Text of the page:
Blank Out to Increase Consumption

Monday, June 22, 2015

Encourage Category Consistency Time-to-Time

It can be handy for a retailer to have repeat customers with consistent purchase habits. When those sorts of customers come into your store, you earn good will by promptly pointing them toward the sorts of items they’ve bought in the past. You know what special offers will entice them. You could build your inventory around items your consistent purchasers like.
     Researchers at University of Pennsylvania, Duke University, National University of Singapore, Singapore Management University, and ESADE in Spain find that consistent purchase habits are a matter of time. That is, compared to shoppers who think about the money involved while making a purchase, those shoppers who think about the time involved are more likely to select the same sorts of items in the future. They’re also more likely to keep making purchase decisions in the same ways. This is useful to know when you’re introducing a new item to the shopper. You can predict how they’ll go about evaluating it.
     The implication of the research findings is that to build consistent purchase habits in your customers, talk with them about the time it will take to select what fits them best, the time you recommend they reserve to learn how to use the item, and for about how long they can expect the item to keep working for them.
     The researchers say that such talk of time causes the shopper to decide based on emotions, since time considerations are difficult to analyze objectively. Lots of other consumer behavior research has shown that decisions based on emotions are both more consistent and more satisfying. In contrast, thinking about the financial aspects, such as the price or the credit terms, leads to analytical reasoning, which causes more variance from one shopping trip to the next.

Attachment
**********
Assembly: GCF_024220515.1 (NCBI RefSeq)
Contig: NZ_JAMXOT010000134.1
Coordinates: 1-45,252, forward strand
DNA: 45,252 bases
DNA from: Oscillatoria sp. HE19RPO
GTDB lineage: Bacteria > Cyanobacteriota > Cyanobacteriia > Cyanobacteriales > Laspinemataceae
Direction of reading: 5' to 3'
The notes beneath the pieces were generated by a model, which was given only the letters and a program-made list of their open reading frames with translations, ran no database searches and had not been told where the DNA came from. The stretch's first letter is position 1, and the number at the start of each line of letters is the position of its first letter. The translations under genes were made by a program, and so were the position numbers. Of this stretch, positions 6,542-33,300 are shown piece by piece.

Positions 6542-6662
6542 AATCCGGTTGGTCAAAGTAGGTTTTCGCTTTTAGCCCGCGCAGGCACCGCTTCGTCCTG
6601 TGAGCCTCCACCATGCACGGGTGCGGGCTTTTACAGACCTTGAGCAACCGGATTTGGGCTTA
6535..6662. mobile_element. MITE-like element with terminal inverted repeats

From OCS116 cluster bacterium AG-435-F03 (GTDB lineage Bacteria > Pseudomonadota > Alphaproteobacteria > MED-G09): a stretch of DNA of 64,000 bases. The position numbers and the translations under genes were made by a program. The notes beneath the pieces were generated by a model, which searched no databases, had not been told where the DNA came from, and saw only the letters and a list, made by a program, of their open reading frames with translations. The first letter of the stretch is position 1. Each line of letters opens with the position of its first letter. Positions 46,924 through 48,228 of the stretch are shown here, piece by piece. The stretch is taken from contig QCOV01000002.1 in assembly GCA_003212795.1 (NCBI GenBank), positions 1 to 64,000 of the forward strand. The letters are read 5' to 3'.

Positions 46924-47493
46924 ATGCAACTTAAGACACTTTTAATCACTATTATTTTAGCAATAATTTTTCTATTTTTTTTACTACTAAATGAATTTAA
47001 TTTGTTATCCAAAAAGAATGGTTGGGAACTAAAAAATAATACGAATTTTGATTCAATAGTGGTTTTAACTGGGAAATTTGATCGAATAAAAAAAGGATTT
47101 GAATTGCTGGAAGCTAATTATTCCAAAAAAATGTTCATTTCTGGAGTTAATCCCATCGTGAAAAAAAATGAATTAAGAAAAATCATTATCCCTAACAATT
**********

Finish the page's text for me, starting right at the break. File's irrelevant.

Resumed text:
Added by research findings from University of South Australia and Mondelez International is that consistency is more likely at the item category level than at the brand level. The study looked at the purchase habits for a selection of 139 brands from fifteen packaged goods categories by the same 15,000 United Kingdom households from one year to the next. About two-thirds of these households showed category consistency, while only about half of the households showed brand consistency.
     Aiming for category consistency rather than brand consistency is good for the retailer. Shoppers seek a certain amount of variety, and you’d prefer they change brands than change stores.

For your profitability: Sell Well: What Really Moves Your Shoppers

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Know How Much Emotion to Deliver
Monitor Variety Seeking
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Thursday, June 18, 2015